- I also like Android Sensor Box, because it is easier to use than some of the other apps that do absolutely everything, when you just want to check or monitor your sensors.
- Sometimes programs will have memory leaks on any computerized device when they aren't written well enough. I use Memory Booster to manage my memory and currently running apps.
- When I think that something may be slowing down the system, I might tap My Advanced Task Killer so that I can manually kill any non-essential apps that I don't need and haven't assigned an exception.
- Polaris Office is My go-to office app, and it came with My Note II.
- But I also have OfficeSuite Pro from when I registered it on My old Droid X. Either of these is really good.
- I really love CamCard, because I can easily take a photo of someone's business card with it and it will magically turn it into a contact.
- S Note is vital for playing with the stylus. Not that I do it a lot, but as an artist I love that I can play with graphics and do kooky handwritten stuff with My phone. This app also came stock with the Note II.
- Alarm Clock Extreme Pro is my only and absolutely essential alarm clock. In fact, without this device running Alarm Clock Extreme Pro, I would be late all the time. But now it's a very rare occassion. Even then, its only because I didn't set the alarm! I also upgraded it with the Timer.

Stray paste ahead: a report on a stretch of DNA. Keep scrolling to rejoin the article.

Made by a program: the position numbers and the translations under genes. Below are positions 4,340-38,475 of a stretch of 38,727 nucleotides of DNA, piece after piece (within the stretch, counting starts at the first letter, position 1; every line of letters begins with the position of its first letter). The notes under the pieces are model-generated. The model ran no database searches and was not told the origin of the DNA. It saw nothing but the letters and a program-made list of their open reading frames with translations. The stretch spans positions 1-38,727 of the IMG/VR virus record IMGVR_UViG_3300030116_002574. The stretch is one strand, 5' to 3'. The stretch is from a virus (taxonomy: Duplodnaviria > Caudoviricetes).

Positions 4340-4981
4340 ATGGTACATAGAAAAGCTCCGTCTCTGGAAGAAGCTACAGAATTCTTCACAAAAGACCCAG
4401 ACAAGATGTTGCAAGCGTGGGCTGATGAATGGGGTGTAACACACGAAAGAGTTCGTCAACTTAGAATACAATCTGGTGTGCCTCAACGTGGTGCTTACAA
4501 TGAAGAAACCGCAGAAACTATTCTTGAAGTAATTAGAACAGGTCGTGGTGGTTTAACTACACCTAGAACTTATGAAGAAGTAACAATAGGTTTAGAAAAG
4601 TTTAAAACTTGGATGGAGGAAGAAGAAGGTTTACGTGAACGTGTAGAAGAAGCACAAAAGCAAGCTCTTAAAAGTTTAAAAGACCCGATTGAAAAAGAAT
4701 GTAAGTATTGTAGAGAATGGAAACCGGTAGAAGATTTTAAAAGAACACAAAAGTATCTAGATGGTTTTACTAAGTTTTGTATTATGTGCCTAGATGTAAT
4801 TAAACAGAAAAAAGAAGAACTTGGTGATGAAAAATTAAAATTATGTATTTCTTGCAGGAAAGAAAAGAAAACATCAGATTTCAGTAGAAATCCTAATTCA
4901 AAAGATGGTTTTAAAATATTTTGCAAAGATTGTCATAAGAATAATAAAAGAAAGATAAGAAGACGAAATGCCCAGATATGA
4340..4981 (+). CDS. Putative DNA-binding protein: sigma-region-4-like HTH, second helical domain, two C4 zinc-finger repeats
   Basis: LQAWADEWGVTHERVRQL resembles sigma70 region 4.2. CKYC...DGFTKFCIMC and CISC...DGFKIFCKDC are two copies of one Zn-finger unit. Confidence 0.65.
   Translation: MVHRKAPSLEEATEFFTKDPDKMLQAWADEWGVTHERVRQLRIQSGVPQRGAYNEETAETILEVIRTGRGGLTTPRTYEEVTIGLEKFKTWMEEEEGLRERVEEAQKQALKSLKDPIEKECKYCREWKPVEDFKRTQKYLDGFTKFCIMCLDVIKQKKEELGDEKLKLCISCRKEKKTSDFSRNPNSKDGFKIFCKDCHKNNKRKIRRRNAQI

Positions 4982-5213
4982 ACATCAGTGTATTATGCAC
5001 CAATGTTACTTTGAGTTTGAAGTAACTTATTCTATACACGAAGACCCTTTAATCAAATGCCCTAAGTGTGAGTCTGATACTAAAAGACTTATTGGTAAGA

- Chrome. Sure, you can use any browser, but Chrome is working flawlessly with My laptop, saving my bookmarks (favorites) and filling in the info I let it have when I come to forms. It just plain works right.
- I want to say Gmail, but gmail comes with every android phone because android is a Google product. I want to say the GPS, but again, that is standard equipment, here. I want to say the Camera or the Gallery, but I've already knocked them off the list as well. But there is another little gem I've been missing... the All In One Toolbox. Try it, you'll like it!
I haven't even touched on the camera apps, image processing or video editing tools. I'm not even speaking about books or MP3 & sound software. But I think that would be a great start for anyone wanting to put the right applications on their device to enable it to be more of a use, more of an indispensable tool.